Dune Messiah

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Dune Messiah - Hardcover - USA - 1st Edition.jpg

Hardcover - USA - 1st edition.

Author Frank Herbert
Published 1969-??-??
Type Fiction
Genre Science Fiction
Themes Adventure, Political Fiction, Science Fiction
Age Group Adult

Dune Messiah is a science fiction novel by Frank Herbert, published in 1969, and the second book set in the Dune universe. The story is set 12 years after the end of the first book. Paul "Muad'Dib" Atreides is now emperor of the universe and the messiah of the Fremen whose might and reverence he used to overthrow the universe through jihad. However, by becoming a mythical figure, Paul is now powerless to stop the religious violence done in his name and a conspiracy has begun to dethrone his family.

The events of Dune Messiah, along with Children of Dune were incorporated into the Children of Dune miniseries.


Read?Audiobook read by Simon Vance, Euan Morton, Katherine Kellgren, and Scott Brick.

As a big fan of the first book, I decided to read the second. After I finished it, I was pretty disappointed.




— This section contains spoilers! —


  • I appreciate how religion is shown to be a very powerful tool of war, but, at the same time, uncontrollable, and impossible to stop once it's employed.
  • I like how Paul is torn between wanting to have Hayt, the ghola of Duncan Idaho, destroyed, and by keeping him around as a reminder of his slain friend.


  • Most of the book is drawn out conversations between the two factions where they plot how to defeat each other. There is very little action or science like in the first book.
  • Even though the book describes complex chemistry like DNA and the ability to bring corpses back from the dead, none of the Fremen doctors are able to detect the contraceptive that Irulan is using to prevent Paul and Chani from having children, even when they would be specifically looking for such problems.
  • The fact that the Fremen would have no means of determining if Hayt wasn't an assassin means they should of had him either destroyed or banished. Keeping him around was just begging for the death of Paul.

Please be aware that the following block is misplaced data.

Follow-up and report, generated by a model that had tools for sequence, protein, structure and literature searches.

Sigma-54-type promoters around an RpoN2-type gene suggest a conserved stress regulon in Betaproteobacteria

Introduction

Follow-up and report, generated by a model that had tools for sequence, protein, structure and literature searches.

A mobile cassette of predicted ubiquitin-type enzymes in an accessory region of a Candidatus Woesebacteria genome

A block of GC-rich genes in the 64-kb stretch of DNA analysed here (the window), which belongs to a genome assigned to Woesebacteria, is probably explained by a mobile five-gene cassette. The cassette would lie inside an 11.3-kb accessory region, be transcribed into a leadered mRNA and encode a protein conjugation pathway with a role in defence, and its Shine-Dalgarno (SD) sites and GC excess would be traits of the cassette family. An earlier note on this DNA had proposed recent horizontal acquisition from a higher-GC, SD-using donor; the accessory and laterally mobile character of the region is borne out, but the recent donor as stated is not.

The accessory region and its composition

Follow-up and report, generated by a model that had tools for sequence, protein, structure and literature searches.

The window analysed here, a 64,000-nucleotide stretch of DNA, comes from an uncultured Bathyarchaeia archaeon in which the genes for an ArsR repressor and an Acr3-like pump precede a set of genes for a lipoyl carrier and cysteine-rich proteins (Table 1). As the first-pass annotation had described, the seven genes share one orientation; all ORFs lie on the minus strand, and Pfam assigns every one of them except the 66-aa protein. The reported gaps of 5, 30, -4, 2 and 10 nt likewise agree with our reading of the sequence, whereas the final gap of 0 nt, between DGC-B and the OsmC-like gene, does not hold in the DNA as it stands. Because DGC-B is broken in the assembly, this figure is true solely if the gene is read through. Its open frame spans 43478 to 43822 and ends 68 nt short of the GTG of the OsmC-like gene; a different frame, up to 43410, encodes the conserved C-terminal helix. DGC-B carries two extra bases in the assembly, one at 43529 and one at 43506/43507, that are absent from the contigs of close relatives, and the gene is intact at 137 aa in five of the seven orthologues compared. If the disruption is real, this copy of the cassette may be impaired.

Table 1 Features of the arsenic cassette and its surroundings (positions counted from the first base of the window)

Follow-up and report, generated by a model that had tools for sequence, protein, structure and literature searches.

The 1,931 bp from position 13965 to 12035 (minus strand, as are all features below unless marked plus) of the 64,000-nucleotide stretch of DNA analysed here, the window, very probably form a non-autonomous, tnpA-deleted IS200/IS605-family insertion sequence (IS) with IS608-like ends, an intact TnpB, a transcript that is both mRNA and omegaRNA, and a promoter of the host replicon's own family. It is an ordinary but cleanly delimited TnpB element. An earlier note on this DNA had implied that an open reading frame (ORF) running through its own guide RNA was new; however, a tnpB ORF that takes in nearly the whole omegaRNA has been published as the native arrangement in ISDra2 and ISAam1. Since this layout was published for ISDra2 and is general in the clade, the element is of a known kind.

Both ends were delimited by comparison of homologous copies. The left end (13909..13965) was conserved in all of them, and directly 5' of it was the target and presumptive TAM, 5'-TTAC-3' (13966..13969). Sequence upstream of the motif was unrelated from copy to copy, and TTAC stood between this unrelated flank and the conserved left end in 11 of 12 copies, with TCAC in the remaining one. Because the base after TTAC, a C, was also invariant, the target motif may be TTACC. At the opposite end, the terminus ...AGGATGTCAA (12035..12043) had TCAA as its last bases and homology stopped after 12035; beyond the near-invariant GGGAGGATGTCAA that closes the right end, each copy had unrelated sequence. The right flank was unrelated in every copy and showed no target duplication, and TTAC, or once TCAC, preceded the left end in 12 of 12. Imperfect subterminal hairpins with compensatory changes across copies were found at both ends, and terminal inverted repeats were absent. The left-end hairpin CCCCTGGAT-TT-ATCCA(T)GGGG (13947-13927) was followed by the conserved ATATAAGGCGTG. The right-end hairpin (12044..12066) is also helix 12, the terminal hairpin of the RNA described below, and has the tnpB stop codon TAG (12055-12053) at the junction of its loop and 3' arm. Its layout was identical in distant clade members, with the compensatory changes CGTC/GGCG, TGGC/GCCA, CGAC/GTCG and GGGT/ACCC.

• While I like the fact that Paul becomes miserable after he loses control of his jihad and the religion surrounding him turns evil, we're reminded far too many times of this.


  • For most of the book, I was bored.
  • I found several of the long drawn-out dialogues to be annoying. Paul's talk with the insolent Edric went nowhere, but I really became angry with both Alia's and Paul's conversations with Hayt. Hayt speaks mostly in vague religious proverbs, while Alia, who is supposed to have the wisdom of generations of priestesses, and Paul, who is supposed to be mildly omniscient, are taken off-guard by his babbling. Alia is so shocked, she even considers killing him multiple times. If Herbert wanted this scene to make sense, he should have come up with dialogue for Hayt that was actually meaningful or impressive instead of cryptic platitudes.



— This section contains spoilers! —

  • As with all Priests, you learned early to call the truth heresy.
  • If you need something to worship, then worship life — all life, every last crawling bit of it! We're all in this beauty together!
  • Often I must speak other than I think. That is called diplomacy.
  • Reason is the first victim of strong emotion.
  • Rulers are notoriously cynical where religions are concerned. Religion, too, is a weapon. What manner of weapon is religion when it becomes the government?


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